Saturday, December 20, 2008

The Imam Strikes Back! Abou Hammaad Sulaiman Al-Hayiti Speaks!

I am unimpressed by the latest CHRC "scandal", and particularly unimpressed by the comparison of Mr. Al-Hayiti's book (L’Islam ou l’Intégrisme?), which the CHRC argued did not meet the Section 13 standard, to the writings of Stephen Boisson, which were judged to have met that standard. Most of my arguments get hashed out in the comments (ignore NAMBLA-Dick) here, but the short version is that Boisson's letter to the Red Deer Advocate triggered a concrete incident of gay bashing by one of Mr. Boisson's associates, and it is pretty easy to interpret his letter in context as a concrete call to action against the local homosexual community (as opposed to Mr. Al-Hayiti's book, in which the offensive language is rather vague).

In any case, while Mr. Boisson has argued his case on various blogs and other online forums, Mr. Al-Hayiti thus far has not. So I fired off a quick email to the yahoo group he is associated with Mr. Al-Hayiti's and asked him:

Would Mr. Al-Hayiti like to respond to the claims in this and other stories that his book contains language likely to expose gays, lesbians, and jews to "hatred and contempt"?

Mr. Al-Hayiti responded as follows:

Maybe the complaint should have been against the Qor'an, the Word of God! Or maybe even against the bible also! Do you think the commission should censor God? Everything I said in my book is from the revelation, not from me! I have nothing else to say.

Thank you!

So there you have it.


Ti-Guy said...

I think a problem with this case is that it seems the Point de Bascule people (who I think are kind of conspiracy nutcases and hysterics) seem to have gone out of their way to find an artifact of Islamist hate speech (and whatever the convert Al-Hayiti wants to claim, it is hate speech) to drag before the commission). Frankly we could do that kind of stuff all day (although the what motivates people to seek out things that offend them has always been a mystery to me...I can't even bear going over to The Blogging Tories). I take a dim view of those kinds of complaints, because it's using the law for retribution and mischief making, not for justice or mediation.

I felt the cases against Macleans (and it should be pointed out that it wasn't a case against Steyn himself or involved the mere publication of his silly book) and The Western Standard were more justifiable, since both those publications present themselves as (arguably) authorities in public discourse and command significant audiences. And The Standard had, over time, developed a solid reputation of chauvinism and bigotry generally and Islamophobia specifically (and that applies to Steyn as well), that it seemed, to me anyway, in the public's interest for a case to be brought against it.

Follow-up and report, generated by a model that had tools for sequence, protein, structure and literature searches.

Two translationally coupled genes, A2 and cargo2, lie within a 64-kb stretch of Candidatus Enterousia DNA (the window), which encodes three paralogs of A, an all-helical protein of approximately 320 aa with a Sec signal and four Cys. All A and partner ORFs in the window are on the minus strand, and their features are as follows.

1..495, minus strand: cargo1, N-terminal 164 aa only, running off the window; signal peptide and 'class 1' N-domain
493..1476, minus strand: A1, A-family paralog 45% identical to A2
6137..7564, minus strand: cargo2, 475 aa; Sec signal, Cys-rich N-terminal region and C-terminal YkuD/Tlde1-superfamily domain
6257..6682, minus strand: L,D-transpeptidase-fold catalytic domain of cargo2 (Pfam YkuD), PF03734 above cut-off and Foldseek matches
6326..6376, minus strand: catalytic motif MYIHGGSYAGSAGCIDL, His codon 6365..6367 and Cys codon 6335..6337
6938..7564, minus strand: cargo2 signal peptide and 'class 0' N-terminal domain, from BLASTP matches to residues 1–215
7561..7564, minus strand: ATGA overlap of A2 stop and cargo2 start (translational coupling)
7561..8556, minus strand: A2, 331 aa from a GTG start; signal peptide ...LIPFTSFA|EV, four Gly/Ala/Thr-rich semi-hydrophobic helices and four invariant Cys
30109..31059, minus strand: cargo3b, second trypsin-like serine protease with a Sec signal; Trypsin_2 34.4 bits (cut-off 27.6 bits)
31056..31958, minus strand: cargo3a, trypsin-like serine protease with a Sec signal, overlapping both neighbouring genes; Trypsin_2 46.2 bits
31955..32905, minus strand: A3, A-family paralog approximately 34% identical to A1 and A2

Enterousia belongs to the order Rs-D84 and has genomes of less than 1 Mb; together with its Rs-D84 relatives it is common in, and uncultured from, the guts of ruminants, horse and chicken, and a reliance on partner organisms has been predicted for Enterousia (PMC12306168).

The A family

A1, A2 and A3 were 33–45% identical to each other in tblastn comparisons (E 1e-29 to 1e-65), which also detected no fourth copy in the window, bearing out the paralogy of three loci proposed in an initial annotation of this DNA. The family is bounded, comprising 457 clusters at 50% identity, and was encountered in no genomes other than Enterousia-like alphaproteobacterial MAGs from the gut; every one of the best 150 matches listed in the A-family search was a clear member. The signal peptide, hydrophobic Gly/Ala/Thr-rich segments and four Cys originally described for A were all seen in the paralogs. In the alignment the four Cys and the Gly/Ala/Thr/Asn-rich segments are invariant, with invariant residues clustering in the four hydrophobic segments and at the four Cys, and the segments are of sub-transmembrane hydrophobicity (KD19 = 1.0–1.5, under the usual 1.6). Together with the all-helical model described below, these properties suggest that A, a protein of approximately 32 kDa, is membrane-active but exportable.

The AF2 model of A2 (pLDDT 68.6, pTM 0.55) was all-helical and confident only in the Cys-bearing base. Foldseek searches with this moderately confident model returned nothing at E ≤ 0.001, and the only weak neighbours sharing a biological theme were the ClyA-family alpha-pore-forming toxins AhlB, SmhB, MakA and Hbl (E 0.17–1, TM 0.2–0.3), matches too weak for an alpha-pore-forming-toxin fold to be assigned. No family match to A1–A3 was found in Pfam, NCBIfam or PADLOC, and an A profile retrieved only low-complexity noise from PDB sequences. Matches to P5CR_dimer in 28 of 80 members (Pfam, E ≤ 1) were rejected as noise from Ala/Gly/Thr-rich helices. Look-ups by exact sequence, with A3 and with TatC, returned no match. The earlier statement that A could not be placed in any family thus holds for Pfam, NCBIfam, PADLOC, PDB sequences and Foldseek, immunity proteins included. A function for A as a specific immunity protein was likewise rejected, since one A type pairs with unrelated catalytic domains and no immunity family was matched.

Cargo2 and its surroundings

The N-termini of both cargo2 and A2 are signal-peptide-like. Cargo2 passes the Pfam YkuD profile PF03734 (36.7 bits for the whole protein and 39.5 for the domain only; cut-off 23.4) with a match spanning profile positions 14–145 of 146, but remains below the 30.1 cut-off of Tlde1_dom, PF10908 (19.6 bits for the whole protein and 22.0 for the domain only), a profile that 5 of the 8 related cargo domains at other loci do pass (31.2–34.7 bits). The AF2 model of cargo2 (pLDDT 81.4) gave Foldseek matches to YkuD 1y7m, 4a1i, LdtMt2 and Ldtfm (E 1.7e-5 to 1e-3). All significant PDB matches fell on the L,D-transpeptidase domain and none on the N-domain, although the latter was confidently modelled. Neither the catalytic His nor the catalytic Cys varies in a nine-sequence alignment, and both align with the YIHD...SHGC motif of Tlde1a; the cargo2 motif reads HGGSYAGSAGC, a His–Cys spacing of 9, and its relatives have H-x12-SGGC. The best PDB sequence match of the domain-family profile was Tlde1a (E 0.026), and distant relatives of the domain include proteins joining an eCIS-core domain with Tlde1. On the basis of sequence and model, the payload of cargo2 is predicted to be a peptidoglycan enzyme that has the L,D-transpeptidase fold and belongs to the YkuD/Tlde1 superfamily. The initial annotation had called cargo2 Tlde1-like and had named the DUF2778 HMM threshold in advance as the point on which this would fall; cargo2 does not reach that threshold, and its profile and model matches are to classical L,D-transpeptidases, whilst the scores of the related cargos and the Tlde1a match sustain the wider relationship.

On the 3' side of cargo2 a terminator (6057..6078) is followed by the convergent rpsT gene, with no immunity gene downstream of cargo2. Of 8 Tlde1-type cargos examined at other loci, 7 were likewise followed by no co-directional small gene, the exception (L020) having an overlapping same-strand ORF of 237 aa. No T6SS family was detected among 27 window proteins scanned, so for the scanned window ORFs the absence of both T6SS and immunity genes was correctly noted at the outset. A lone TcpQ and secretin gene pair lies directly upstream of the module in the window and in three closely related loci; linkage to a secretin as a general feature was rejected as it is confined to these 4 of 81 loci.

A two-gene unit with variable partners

I'm not letting the Imam off the hook; I think his hate speech should be roundly condemned, everywhere. I simply don't care how he rationalises it and I think it's an appalling perspective from which to engage in religious ministry in this country...and that goes for all the other agents of religious-based intolerance.

bigcitylib said...

Actually, TG, that is another aspect that I didn't bother mentioning. I don't think it helps your case to take a complaint to the HRC while claiming that you're not really offended and the only reason you're doing it is to prove something about the process.

MgS said...

Please note that Boissoin's case was reviewed under the Alberta Human Rights Act, and not (directly at least) with respect to S.13 of the Canadian Human Rights legislation.

The unfortunate bit about the assault that is temporally linked to Boissoin's letter is that no charges were ever laid in the case, so there's no public record of who was thought to have done it.

- Just a couple of details...

bigcitylib said...


Right about the act in question. But I'm not the one that first made a comparison between the cases.

Terrence C. Watson said...


"I don't think it helps your case to take a complaint to the HRC while claiming that you're not really offended and the only reason you're doing it is to prove something about the process."

I agree with you on this. I also agree that, according to Section 13, the context a proposition is published in matters, not just its content.

But here's a puzzle (at least for me): now that the Imam's work has been brought to light, would someone have a better shot at launching an HRC complaint against him?

The context has changed, hasn't it? Isn't his work more likely to expose someone to hatred and contempt now than it was before the Point de Bascule got a hold of it?

rabbit said...


Here is part (1) of section 13 of the Human Rights Act:

(1) It is a discriminatory practice for a person or a group of persons acting in concert to communicate telephonically or to cause to be so communicated, repeatedly, in whole or in part by means of the facilities of a telecommunication undertaking within the legislative authority of Parliament, any matter that is likely to expose a person or persons to hatred or contempt by reason of the fact that that person or those persons are identifiable on the basis of a prohibited ground of discrimination.

It says "likely to expose a person or persons to hatred or contempt". Section 13 doesn't say anything about whether someone is offended or harmed by the communication.

The CHRC bizarrely claimed that the writings do not promote hatred or contempt of identifiable and protected group. I am at a loss how one can say that Jews spread corruption and chaos on earth, and not be promoting hatred.